To visualize this, think back to 1983 when people first started using personal computers for word processing. Typists often had to stop their fingers to let the Intel 286 chip inside catch up. As depicted at the left side of Figure 1, the technology was not good enough. But today’s processors offer much more speed than mainstream customers can use-although there are still a few unsatisfied customers in the most demanding tiers of the market who need even-faster chips.

The third critical element of the model is the distinction between sustaining and disruptive innovation. A sustaining innovation targets demanding, high-end customers with better performance than what was previously available. Some sustaining innovations are the incremental year-by-year improvements that all good companies grind out. Other sustaining innovations are breakthrough, leapfrog-beyond-the-competition products. It doesn’t matter how technologically difficult the innovation is, however: The established competitors almost always win the battles of sustaining technology. Because this strategy entails making a better product that they can sell for higher profit margins to their best customers, the established competitors have powerful motivations to fight sustaining battles. And they have the resources to win.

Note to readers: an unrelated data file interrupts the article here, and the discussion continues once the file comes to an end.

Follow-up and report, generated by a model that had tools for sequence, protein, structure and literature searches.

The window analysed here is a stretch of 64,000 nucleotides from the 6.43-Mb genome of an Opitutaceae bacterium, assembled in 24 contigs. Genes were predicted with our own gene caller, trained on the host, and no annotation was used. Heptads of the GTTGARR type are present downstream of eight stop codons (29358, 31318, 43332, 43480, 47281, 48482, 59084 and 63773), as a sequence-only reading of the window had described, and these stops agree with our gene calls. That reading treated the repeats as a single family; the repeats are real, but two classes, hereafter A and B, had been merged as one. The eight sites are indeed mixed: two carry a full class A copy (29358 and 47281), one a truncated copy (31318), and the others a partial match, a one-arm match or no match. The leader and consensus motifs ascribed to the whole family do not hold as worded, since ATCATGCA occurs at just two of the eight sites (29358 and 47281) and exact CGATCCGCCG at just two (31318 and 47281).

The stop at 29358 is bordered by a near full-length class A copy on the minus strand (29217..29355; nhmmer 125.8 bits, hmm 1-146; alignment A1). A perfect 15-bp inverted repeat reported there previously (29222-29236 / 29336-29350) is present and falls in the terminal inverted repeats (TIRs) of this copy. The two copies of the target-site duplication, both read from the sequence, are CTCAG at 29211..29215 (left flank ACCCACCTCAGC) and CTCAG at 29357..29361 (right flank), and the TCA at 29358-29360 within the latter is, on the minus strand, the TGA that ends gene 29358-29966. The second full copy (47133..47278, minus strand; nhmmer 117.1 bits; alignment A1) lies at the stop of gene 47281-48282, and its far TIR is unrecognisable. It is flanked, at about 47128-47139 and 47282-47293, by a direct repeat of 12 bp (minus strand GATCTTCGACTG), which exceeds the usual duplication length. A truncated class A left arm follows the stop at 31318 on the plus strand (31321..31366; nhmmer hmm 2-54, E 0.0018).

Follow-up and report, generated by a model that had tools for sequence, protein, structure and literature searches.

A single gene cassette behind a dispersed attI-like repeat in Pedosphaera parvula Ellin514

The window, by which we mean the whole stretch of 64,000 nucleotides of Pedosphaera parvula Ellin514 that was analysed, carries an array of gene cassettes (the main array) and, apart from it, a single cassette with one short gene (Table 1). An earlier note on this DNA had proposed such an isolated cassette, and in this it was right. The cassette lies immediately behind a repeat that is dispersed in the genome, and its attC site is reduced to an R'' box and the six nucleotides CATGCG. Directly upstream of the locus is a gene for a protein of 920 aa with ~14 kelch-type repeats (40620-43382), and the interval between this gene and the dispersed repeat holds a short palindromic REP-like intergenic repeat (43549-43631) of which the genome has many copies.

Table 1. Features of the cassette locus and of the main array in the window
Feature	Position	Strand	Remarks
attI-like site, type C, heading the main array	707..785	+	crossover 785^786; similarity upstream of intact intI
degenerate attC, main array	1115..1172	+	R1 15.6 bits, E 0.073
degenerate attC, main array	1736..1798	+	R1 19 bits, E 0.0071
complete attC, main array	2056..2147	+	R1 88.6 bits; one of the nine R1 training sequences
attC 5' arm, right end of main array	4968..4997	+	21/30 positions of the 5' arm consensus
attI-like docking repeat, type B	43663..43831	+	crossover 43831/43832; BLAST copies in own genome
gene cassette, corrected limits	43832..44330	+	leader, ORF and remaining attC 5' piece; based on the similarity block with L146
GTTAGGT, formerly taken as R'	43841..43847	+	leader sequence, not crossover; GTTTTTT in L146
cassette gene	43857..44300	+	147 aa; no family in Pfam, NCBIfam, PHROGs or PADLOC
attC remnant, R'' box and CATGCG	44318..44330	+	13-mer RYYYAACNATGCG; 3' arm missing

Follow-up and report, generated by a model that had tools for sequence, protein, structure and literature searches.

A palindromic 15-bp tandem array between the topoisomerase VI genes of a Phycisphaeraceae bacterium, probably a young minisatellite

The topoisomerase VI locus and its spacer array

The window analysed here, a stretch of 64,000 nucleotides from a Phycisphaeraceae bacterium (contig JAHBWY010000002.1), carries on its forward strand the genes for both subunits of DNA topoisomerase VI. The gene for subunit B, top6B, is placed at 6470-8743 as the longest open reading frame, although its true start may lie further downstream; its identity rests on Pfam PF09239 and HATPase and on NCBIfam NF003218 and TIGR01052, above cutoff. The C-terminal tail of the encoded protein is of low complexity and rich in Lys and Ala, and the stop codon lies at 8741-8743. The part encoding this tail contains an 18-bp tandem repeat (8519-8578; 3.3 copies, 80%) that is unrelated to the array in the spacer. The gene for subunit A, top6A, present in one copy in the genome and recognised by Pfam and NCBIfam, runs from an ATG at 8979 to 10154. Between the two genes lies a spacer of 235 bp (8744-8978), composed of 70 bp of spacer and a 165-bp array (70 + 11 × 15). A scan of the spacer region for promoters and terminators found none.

Disruptive innovations, in contrast, don’t attempt to bring better products to established customers in existing markets. Rather, they disrupt and redefine that trajectory by introducing products and services that are not as good as currently available products. But disruptive technologies offer other benefits-typically, they are simpler, more convenient, and less expensive products that appeal to new or less-demanding customers (footnote 3).

Once the disruptive product gains a foothold in new or low-end markets, the improvement cycle begins. And because the pace of technological progress outstrips customers’ abilities to use it, the previously not-good-enough technology eventually improves enough to intersect with the needs of more demanding customers. When that happens, the disruptors are on a path that will ultimately crush the incumbents. This distinction is important for innovators seeking to create new-growth businesses. Whereas the current leaders of the industry almost always triumph in battles of sustaining innovation, the odds at disruptive innovation heavily favor entrant companies (footnote 4).

Disruption has a paralyzing effect on industry leaders. With resource allocation processes designed and perfected to support sustaining innovations, they are constitutionally unable to respond. They are always motivated to go up-market, and almost never motivated to defend the new or low-end markets that the disruptors find attractive. We call this phenomenon asymmetric motivation. It is the core of the innovator’s dilemma, and the beginning of the innovator’s solution.

17.2.1 Disruption at Work: How Minimills Upended Integrated Steel Companies